Working with Git branches in Continuous Delivery for PE
Continuous Delivery for Puppet Enterprise (PE) watches for Puppet code changes you make in Git and helps you deploy those changes to your environment node groups. You and Continuous Delivery for PE work together, so it's important to understand what you need to do in Git, and what Git work Continuous Delivery for PE handles for you.
Continuous Delivery for PE automates management of Git branches for Puppet environments, letting you focus on Git workflows for developing and deploying changes to your code.
You and your team own the
main branch in Git, as well as any other
development-focused branches you create, such as feature, hotfix, or release
branches. In simple Git workflows, the
main branch is designated as the
branch to create pull requests against, tag releases off of, and treat as
the leading edge of new development.
You must create new environment branches when you first set up environment node groups. Environment branches are long-lived Git branches that control which code version is available in corresponding Puppet environments. Continuous Delivery for PE owns environment branches after you create them; it deploys changes to them and keeps them updated. You and your team don't change these branches directly because manual changes to environment branches are overwritten when an automated deployment occurs.
While you focus on committing to the
and merging pull requests, Continuous Delivery for PE works in your
environment branches on your behalf. It makes sure your commits or changes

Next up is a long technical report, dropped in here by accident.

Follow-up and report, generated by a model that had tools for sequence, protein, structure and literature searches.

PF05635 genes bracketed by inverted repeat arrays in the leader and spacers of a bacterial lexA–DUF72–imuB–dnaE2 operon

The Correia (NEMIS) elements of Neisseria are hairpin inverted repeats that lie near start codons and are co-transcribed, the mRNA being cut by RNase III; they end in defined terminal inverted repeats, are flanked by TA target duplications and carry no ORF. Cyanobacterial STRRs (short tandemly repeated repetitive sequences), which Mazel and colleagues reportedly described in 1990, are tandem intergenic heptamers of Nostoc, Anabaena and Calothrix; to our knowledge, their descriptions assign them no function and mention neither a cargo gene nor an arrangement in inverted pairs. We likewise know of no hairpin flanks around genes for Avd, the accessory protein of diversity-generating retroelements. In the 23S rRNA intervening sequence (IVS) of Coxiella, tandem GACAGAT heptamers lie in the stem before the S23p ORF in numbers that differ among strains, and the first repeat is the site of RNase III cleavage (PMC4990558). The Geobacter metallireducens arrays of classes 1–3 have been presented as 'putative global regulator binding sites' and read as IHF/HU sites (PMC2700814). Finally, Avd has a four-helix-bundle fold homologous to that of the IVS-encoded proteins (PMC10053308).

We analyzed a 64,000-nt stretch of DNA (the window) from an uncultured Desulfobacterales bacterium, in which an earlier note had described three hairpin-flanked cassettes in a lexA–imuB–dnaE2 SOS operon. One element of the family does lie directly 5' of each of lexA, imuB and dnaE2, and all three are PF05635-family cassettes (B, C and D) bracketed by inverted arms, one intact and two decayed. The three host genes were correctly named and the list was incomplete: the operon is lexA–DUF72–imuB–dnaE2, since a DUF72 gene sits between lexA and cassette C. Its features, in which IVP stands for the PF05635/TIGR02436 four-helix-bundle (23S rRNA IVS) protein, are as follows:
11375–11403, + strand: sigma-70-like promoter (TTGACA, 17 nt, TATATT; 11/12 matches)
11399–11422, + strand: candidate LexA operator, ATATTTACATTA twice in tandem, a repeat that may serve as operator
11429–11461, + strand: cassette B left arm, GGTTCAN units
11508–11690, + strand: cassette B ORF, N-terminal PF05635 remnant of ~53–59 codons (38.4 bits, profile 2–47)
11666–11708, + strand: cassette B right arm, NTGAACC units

are tested, deployed, and promoted to your environment node groups in
accordance with your control repo pipelines and your manual deployment
Continuous Delivery for PE also uses a small set of Git branches for bookkeeping, which are not part of the standard Git process. These branches are visible to users, and must be protected so that users cannot modify them. Continuous Delivery for PE manages these bookkeeping branches automatically.
Organizing Puppet content in your source control repository
Most Puppet content that developers interact with is infrastructure-as-code, which is versioned and committed to a Git source-control repository.
- A main branch tracking the latest developing code.
- Tags to identify meaningful code versions.
- Short-lived feature branches created and deleted during the code development lifecycle.
Required repository permissions vary by source control provider, and these are configured when you Integrate with source control.
In its purest form, a control repo is a hub for Puppet
configuration content. Usually, however, the control repo serves as a hub for
modularized content and contains some directly embedded content. Typically, embedded
content includes the
role module, the
profile module, and Hiera
data. In a pure control repo, this content is modularized rather than embedded.
The control repo contains a Puppetfile, which is the switchboard or ledger that makes the control repo a hub. The Puppetfile is a file that enumerates all of the modular content Puppet incorporates and makes available. Reading the Puppetfile can convey a good sense of all the Puppet content being used at a given site or Puppet implementation.
Depending on how much content is embedded in the control repo, the control repo might also contain some Puppet configuration files and possibly some directories for embedded content.
Puppet module repos
A Puppet module is a collection of content laid out in a particular way. A module can contain desired state code, Bolt tasks or plans, Puppet extensions, or a variety of other things. Modules are the standard content container for everything Puppet.
Puppet knows how to consume modules automatically,
provided they are placed somewhere in its
Other non-module repos
Sometimes it's useful to partition off certain types of Puppet content for development purposes, even if the content is not technically a Puppet module. A prime example of this is Hiera data. Hiera data can be kept in a dedicated Git repository and evoked by the control repo using the Puppetfile, just like any standard Puppet content.
There are other use cases for partitioning non-module Git repositories, but they are rare. The commonality is that all such content is committed to a Git repository and referenced in the control repo's Puppetfile.